Best-practice guidelines for dairy farmers this month

The Department of Agriculture, Enterprise and Rural Affairs (DAERA), in Northern Ireland, has issued management notes for dairy farmers during the month of June.

Christopher Breen of the College of Agriculture, Food and Rural Enterprise (CAFRE) has compiled a series of best-practice guidelines, on behalf of the department.

Slurry and fertiliser for second-cut silage

At soil index 2 for phosphate and soil index 1 for potassium – typical soil indexes of fields with a history of being cut for silage – slurry has the potential to provide some of the nitrogen and potassium, and all of the phosphate required.

An application of 22m³/ha, or 2,000 gallons/ac, of dairy cow slurry and 375kg/ha, or three bags per acre, of a 22:0:10 type fertiliser can meet second cut requirements at these indexes.

At a practical level, evenly-spread slurry improves silage fermentation and minimises sward damage.

best-practice guidelines for dairy farmers this month
Image source: Shane Casey

Growing a low-potassium (K) silage for dry cows

According to Breen, there are health and performance advantages to producing silage specifically for dry cows.

Aim for a low-potassium grass at cutting, as high-potassium silage is associated with metabolic disorders and subsequent poor milk yields in early lactation cows.

Fields previously cut for silage should not receive slurry again.

An application of 315kg/ha, or two-and-a-half bags per acre, of CAN fertiliser (27:0:0) is enough to grow low-potassium silage for dry cows.

best-practice guidelines for dairy farmers this month

Leave cutting until early August, as stem development coincides with a fall in the grass potassium levels. To avoid mould growth or mycotoxins, dry matter of harvested grass should not rise above 35% before baling.

It takes 7ha to produce enough bales to feed 100 cows in the last four weeks of the dry period. Store these bales separately and make sure to only use for dry cow feeding.

Condition scoring late-lactation cows

Cows calved last autumn are over 200 days in milk and should now be condition scored. With a target condition score of 2.75 at calving, these cows should have a score of about 2.5 at the moment.

To condition score, assess the fat cover over the loin, pelvis and tail area.
  • Loin: There should be a slight depression along the cow’s top-line and loin. The shelf at the end of her transverse processes and flank should be filling.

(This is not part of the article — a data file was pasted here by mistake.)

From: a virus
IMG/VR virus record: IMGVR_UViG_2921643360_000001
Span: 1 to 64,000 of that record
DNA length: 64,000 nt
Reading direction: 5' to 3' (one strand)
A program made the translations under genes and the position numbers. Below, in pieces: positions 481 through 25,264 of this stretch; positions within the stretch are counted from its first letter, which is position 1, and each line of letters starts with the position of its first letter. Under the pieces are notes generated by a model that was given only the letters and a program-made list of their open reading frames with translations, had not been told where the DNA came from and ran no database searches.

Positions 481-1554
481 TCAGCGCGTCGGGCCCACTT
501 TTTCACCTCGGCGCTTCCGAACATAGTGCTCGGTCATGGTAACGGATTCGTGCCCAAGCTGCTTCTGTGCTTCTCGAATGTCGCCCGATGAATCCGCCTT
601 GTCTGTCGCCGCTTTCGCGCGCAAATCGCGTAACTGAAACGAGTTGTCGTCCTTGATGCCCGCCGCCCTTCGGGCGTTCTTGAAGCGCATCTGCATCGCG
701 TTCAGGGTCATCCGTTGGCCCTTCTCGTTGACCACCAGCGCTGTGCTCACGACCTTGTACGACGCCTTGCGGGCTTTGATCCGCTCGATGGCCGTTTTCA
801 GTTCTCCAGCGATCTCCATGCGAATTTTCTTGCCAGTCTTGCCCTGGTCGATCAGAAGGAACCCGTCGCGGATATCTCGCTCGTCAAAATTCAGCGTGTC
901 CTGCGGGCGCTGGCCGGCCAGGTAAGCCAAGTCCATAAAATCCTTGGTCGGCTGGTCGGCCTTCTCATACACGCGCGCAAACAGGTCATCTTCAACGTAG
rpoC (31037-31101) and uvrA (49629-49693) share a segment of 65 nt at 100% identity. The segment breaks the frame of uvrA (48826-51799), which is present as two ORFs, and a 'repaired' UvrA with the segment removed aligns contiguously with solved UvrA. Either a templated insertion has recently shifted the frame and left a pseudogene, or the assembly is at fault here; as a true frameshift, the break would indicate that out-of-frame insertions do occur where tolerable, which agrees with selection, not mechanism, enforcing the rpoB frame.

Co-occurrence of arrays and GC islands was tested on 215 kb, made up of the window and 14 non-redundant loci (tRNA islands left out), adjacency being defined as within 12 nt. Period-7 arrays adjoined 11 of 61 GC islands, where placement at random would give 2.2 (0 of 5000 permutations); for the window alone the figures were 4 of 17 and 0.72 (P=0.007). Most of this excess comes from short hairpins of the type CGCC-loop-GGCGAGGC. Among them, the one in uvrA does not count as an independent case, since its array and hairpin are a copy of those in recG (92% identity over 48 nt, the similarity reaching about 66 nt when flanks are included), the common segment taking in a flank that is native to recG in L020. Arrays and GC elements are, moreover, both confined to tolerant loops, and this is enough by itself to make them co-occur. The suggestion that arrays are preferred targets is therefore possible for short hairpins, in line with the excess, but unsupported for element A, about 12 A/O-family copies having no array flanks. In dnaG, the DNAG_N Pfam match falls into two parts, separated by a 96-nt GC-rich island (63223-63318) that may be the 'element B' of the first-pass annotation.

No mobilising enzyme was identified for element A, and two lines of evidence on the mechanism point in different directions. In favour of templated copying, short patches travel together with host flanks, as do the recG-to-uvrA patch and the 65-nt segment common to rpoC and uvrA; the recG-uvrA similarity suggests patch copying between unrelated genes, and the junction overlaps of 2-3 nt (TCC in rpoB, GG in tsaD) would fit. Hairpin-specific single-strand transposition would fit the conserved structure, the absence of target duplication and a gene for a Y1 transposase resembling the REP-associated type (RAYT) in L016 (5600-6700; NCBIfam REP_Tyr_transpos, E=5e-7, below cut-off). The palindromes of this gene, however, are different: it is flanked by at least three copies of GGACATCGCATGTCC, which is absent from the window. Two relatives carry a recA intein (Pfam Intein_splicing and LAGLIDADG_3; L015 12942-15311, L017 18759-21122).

• Pelvis: There should be a good cover of tissue developing on the plates.
  • Tail area: There should be a good cover of tissue over the pin bones, and the cavity at the tail-head should be filling.

If there are some cows that have not yet reached this stage, and are well-past 200 days in milk, increase their dry matter intake.

Water for cows at grass

Water for cows at grass is extremely important. 100 cows drink on average 6,500L daily. If temperatures reach above 20°, this figure can double.

Troughs should be large enough so that 10% of the herd can drink at any one time. According to Breen, 30-50% of water intake occurs within one hour of milking.

Troughs in the centre of paddocks with fast-flow valves and large-bore pipes ensure cows have easy access to water. Ensure troughs are cleaned regularly as cows are very sensitive to smell and will not drink dirty water.

Checklist for June

Breen also provided a ‘June checklist’ for dairy farmers.

Job checklist for June:
  • Graze swards down to 1,600kg DM/ha to maintain sward quality;
  • Think about dry cow winter diets now, so that low-potassium silage can be made;
  • Top grazing swards, which contain dead grass or seed heads, to maintain sward quality;
  • Calibrate parlour and out-of-parlour feeders to ensure accurate feeding;
  • Carry out spraying if conditions are suitable and docks/weeds are at the right stage for control;
  • If spraying docks in silage fields, generally allow an interval of at least 21 days between spraying and harvest.